Reform coming to civil service: Aung San Suu Kyi


NAY PYI TAW — State Counsellor Daw Aung San Suu Kyi has told senior bureaucrats that an overhaul of Myanmar’s bloated and sclerotic civil service is on the horizon, following the launch of a public administration reform roadmap on Monday.

At a launch of the government’s Civil Service Reform Strategic Action Plan (2017-2020) in Nay Pyi Taw, Aung San Suu Kyi said the era of shirking tasks and lifetime tenure was incompatible with the country’s democratic era.

“Civil servants are accountable to the government elected by the people. When they implement the government’s action plans, they need to carry them out fairly, dutifully, intelligently, alertly and actively” she said.

The action plan, drafted by the Union Civil Service Board with the assistance of the United Nations Development Programme, is the culmination of nine months of consultations with the public and civil society to discuss the public sector’s current shortcomings.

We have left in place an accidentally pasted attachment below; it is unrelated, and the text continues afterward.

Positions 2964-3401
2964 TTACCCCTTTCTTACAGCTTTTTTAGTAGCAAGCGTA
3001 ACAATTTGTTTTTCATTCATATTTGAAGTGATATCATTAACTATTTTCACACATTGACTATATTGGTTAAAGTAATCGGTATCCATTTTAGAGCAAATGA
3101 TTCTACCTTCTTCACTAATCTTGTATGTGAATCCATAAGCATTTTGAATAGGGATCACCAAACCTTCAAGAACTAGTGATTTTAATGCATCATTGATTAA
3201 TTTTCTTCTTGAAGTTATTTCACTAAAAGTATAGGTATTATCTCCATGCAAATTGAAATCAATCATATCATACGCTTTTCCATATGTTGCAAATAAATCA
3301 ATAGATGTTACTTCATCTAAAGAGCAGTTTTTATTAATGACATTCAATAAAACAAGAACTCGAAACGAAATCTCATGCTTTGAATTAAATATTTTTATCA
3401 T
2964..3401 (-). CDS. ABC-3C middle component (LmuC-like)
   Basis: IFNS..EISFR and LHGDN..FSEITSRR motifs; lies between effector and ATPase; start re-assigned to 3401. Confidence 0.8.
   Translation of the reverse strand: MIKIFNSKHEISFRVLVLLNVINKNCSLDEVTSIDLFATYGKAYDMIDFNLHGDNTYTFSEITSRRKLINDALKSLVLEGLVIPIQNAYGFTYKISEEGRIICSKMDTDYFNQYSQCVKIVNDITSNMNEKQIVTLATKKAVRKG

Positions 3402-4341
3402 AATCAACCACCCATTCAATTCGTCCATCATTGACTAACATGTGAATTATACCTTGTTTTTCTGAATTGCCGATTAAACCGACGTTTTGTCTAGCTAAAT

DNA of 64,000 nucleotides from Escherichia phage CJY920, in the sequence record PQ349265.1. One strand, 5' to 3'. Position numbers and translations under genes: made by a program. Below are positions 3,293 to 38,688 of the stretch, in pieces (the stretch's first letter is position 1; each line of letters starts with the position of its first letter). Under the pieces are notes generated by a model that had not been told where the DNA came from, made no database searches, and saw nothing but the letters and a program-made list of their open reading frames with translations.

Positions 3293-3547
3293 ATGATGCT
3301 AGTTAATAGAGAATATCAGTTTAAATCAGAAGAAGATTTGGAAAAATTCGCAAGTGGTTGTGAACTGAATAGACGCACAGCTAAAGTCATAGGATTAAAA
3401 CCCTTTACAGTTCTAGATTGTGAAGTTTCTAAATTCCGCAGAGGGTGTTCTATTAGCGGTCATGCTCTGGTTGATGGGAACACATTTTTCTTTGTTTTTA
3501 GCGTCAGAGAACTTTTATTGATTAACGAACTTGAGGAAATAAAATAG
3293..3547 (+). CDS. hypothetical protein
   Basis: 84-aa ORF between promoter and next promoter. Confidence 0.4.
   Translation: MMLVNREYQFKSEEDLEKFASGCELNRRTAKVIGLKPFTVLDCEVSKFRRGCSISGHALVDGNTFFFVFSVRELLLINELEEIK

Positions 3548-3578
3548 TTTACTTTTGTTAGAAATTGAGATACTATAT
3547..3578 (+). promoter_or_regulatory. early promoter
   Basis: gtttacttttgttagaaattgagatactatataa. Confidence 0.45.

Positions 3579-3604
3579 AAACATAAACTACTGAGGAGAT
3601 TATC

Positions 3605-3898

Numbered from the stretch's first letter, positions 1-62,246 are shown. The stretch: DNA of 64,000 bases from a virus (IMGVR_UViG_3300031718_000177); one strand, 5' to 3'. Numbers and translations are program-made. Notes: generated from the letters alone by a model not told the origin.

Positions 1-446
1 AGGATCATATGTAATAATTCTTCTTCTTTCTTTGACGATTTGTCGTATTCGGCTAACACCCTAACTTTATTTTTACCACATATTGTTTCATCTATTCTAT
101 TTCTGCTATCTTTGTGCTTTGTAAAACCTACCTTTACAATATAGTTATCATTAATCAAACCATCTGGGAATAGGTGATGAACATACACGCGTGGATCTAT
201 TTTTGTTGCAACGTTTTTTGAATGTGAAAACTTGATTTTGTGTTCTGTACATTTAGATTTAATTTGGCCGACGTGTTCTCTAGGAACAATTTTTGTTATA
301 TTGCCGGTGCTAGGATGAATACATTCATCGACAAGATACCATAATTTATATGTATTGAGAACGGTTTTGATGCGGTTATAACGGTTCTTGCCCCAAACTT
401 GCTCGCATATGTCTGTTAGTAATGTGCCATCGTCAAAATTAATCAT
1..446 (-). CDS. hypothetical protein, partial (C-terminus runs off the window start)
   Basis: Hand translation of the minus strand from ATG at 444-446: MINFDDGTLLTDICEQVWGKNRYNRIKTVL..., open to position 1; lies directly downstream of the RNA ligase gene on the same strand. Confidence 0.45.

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It outlines new administrative procedures, workplace efficiency and merit-based promotion measures, and changes to vocational training among a raft of other reforms.

UNDP country director Mr. Peter Batchelor said he was optimistic that substantial improvements in public administration could be made over the action plan’s lifetime and gave thanks on Monday to senior civil servants and lawmakers for their commitment to reform.

“If we want to see a federal democratic union, we must make a great effort to win national reconciliation and to build a civil service regime with all-inclusiveness and more representation,” he said.

Speaking on concerns over low remuneration in the nation’s ministries, Aung San Suu Kyi said that the government needed to delay raising salaries until such a move was fiscally sustainable

 “There is no way to solve this problem at once,” she said. “When it comes to increasing the salary rate, we’ll have to gradually increase them after serious considerations for sustainability in the long run, in accord with the Union budget.”

By Nyan Hlaing Lynn

By Nyan Hlaing Lynn

Nyan Hlaing Lynn is a former editor at People's Age Journal and Mizzima. He writes about politics, the military, ethnic conflict and social issues and is based in Nay Pyi Taw.
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